Germany has embarked on a new testing regime on power plant components to reflect more frequent start-up and shutdown cycles with their associated stresses.
The State of North Rhine Westphalia (NRW) in Germany has commissioned TÜV Rheinland Werkstoffprüfung (materials testing department) with the development, production and trial operation of testing equipment used to characterise materials used in flexible power plants. “The new technology enables long-term testing of materials in power plant operation,” said Dr Ansgar Kranz, authorised officer in the TÜV Rheinland material testing department. “This results in improved calculation models for the prediction of the remaining lifetime of flexible power plants,” he said.
To ensure constant network stability, conventional power plants must react more flexibly to offset irregularities from the growing supply of electrical power from renewable power sources. As a result, gas and coal-fired power stations are no longer continuously operating in basic mode, but rather go through the process of start-up and shutdown more frequently. Consequently, the number and extent of load changes increase and components are exposed to extreme temperature fluctuations more often, especially in the water-steam cycle. Therefore, this is where the creep-fatigue-mechanism should be explored. For this purpose, a cost-effective testing technology is in development to measure the long-term impact of this mechanism on materials.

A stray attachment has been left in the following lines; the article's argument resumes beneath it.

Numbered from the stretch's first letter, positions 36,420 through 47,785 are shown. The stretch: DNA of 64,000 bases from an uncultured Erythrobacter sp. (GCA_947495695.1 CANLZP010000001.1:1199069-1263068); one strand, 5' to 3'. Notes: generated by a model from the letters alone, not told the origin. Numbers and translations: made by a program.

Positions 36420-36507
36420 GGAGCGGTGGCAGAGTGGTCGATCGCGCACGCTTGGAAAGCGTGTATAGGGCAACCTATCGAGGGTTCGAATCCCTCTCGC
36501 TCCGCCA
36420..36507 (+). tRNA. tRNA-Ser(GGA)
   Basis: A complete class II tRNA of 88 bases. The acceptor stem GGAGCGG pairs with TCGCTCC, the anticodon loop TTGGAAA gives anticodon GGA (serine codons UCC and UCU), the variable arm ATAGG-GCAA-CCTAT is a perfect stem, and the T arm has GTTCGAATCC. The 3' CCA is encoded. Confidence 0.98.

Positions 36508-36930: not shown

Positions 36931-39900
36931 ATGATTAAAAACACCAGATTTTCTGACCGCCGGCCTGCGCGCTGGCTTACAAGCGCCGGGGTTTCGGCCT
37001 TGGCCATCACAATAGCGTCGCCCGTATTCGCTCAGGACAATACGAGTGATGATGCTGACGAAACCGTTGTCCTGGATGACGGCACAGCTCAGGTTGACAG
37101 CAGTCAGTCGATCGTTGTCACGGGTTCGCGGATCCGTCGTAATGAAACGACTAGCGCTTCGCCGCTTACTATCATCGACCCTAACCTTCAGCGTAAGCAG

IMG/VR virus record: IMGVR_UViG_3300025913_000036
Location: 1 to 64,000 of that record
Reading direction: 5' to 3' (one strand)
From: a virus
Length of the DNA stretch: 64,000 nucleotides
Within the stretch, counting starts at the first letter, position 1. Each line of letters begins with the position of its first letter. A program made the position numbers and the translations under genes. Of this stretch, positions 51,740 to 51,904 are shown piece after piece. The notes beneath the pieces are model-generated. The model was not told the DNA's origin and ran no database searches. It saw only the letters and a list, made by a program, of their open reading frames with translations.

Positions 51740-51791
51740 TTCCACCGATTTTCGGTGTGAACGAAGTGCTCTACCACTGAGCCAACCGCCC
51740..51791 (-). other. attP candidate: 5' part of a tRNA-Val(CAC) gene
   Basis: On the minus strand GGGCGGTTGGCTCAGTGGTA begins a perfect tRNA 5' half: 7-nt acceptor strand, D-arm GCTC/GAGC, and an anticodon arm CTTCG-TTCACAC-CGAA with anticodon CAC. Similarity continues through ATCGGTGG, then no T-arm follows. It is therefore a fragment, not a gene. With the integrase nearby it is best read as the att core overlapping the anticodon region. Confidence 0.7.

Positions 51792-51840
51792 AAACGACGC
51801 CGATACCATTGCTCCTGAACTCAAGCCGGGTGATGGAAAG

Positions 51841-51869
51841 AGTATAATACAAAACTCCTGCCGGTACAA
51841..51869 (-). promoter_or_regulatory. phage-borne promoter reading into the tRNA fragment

“Such a precise assessment of the expected lifetime of critical components is urgently needed for safety reasons and to determine the economic viability of a plant,” says Dr. Ansgar Kranz, who is working with partners RWE Generation SE and StandZeit GmbH to carry out the project on behalf of the NRW Ministry for Innovation, Science and Research (MWIF). As cooperation partners, RWE has provided power plant data, while StandZeit has lent its support in the manufacture and integration of measuring and control technology.